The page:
Anne Calinger was only 7 months old when she arrived from South Korea at John F. Kennedy International Airport in New York, with her adopted parents. Yet, as she journeyed through life in America, she was constantly reminded that she was an ‘immigrant’. Her gender role was also defined along the way, as she was gently geared towards liberal arts by well- intentioned teachers, when she faced slight challenges in science and math.
Anne’s adopted parents moved to the Washington Metropolitan Area (DMV) around 1987, within a year of bringing her home. The DMV area is considered one of the most diverse parts of the United States but still, Anne started becoming conscious of her differences from other kids at a young age. “It was around second grade that I came home from school and asked my mom what color I was,” said Anne. She also had to address myths, such as, the presumption that all Asians were “Chinese.” Many people were also “taken aback by how good” her English was, to which she would respond; “That’s the only language I speak.”
The identity conundrum continued for Anne and her classmates throughout school years. “In middle school, a lot of kids started giving me a hard time for what they called trying to act white. I think people were confused by how they act, my mannerism, how I carry myself and it seemed to offend some people,” said Anne. High school was more tough. The student body at her high school was diverse but “people segregated themselves to people who looked like them. I was kind of this weird outlier of where do I fit in, and I spent some time trying to figure that out,” said Anne, while alluding to the fact that she was considered neither Asian nor white enough to fit in with either of the student groups.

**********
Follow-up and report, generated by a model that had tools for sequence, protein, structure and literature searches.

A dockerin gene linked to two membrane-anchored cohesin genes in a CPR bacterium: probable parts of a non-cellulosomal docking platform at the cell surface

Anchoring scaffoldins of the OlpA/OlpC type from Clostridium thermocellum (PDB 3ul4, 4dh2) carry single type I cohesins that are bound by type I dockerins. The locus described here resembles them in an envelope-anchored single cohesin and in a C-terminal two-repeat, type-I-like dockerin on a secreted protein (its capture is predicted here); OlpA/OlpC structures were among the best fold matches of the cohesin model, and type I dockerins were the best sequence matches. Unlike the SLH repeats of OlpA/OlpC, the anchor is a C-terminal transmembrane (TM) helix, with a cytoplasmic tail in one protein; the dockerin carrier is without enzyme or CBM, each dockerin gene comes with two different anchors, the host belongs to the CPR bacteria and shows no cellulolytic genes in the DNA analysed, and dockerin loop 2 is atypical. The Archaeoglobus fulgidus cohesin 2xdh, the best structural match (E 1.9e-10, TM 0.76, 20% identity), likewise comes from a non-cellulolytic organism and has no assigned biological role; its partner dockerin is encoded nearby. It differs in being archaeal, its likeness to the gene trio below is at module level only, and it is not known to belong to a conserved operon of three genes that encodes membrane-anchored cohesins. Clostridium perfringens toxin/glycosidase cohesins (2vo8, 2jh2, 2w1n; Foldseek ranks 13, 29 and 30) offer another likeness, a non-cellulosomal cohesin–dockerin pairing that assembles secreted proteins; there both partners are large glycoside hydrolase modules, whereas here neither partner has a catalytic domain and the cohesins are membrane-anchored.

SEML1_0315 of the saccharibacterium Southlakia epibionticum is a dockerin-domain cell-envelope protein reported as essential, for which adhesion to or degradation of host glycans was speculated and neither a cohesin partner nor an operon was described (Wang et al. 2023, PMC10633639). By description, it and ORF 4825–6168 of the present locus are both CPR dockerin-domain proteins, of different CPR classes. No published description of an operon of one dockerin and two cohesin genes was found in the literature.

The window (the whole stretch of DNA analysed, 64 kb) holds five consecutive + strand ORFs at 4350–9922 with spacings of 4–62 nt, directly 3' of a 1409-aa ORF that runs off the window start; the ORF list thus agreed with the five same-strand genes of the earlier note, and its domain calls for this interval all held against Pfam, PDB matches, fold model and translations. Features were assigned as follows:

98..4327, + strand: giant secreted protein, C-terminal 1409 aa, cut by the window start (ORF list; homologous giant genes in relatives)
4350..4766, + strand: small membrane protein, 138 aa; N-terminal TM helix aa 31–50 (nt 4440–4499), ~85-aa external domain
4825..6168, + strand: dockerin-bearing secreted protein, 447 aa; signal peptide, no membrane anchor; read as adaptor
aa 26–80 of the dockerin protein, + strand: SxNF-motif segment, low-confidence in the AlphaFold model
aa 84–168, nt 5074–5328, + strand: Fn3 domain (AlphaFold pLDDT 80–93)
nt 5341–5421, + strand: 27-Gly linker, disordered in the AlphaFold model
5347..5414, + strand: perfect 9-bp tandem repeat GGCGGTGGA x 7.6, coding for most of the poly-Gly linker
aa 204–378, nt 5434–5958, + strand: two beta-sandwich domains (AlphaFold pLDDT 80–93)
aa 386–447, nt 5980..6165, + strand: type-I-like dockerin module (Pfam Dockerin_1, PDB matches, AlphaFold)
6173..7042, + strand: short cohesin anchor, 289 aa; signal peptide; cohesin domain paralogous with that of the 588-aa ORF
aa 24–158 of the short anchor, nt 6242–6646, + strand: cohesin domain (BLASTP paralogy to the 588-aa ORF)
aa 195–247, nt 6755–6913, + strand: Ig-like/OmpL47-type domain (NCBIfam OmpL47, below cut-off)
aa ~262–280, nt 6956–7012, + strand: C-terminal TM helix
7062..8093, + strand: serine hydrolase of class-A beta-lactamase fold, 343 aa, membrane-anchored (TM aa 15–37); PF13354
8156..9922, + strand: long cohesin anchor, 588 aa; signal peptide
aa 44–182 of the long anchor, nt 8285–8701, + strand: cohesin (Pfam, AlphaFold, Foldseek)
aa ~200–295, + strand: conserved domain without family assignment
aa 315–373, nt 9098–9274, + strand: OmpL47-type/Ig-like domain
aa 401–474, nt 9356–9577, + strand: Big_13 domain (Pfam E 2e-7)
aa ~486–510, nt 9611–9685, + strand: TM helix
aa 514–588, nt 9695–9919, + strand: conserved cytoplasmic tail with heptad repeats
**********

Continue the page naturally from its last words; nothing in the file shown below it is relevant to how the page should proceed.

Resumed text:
Finally, during the college years, Anne had a sense of “belonging.” “I realized that maybe there is not a homogenous group I fit in, but I fit in the larger part of society,” Anne said, while commenting on fully embracing her identity. Other positive forces in her life that brought on this realization were her adopted parents and extended family. They all welcomed her in their homes and communities with open arms.
Anne said that though she was no novice to verbal attacks and biases, 2020 was different. President Trump dubbed COVID-19 pandemic as “China Virus” which elevated the level of hate-crimes against the East-Asian community. It was after a long time in Anne’s life that she felt “otherness.” “This is the first time in life when I felt unsafe,” said Anne, while commenting that she was scared to go out in public and was happy that, because of the pandemic, she could cover her face with a mask and hide her ethnicity behind it.
Anne believes that our success as Americans is in remembering that we all come from different places and have different experiences, but we are all playing our part in building a collective American story. Check out Anne’s video in the link for her message to all Americans: https://youtu.be/zFHDk4Uyhn8
Writer and Producer: Saima Adil Sitwat Author: American Muslim: An Immigrant’s Journey
Funding for ‘Becoming American’ has been provided by Maryland State Arts Council (MSAC)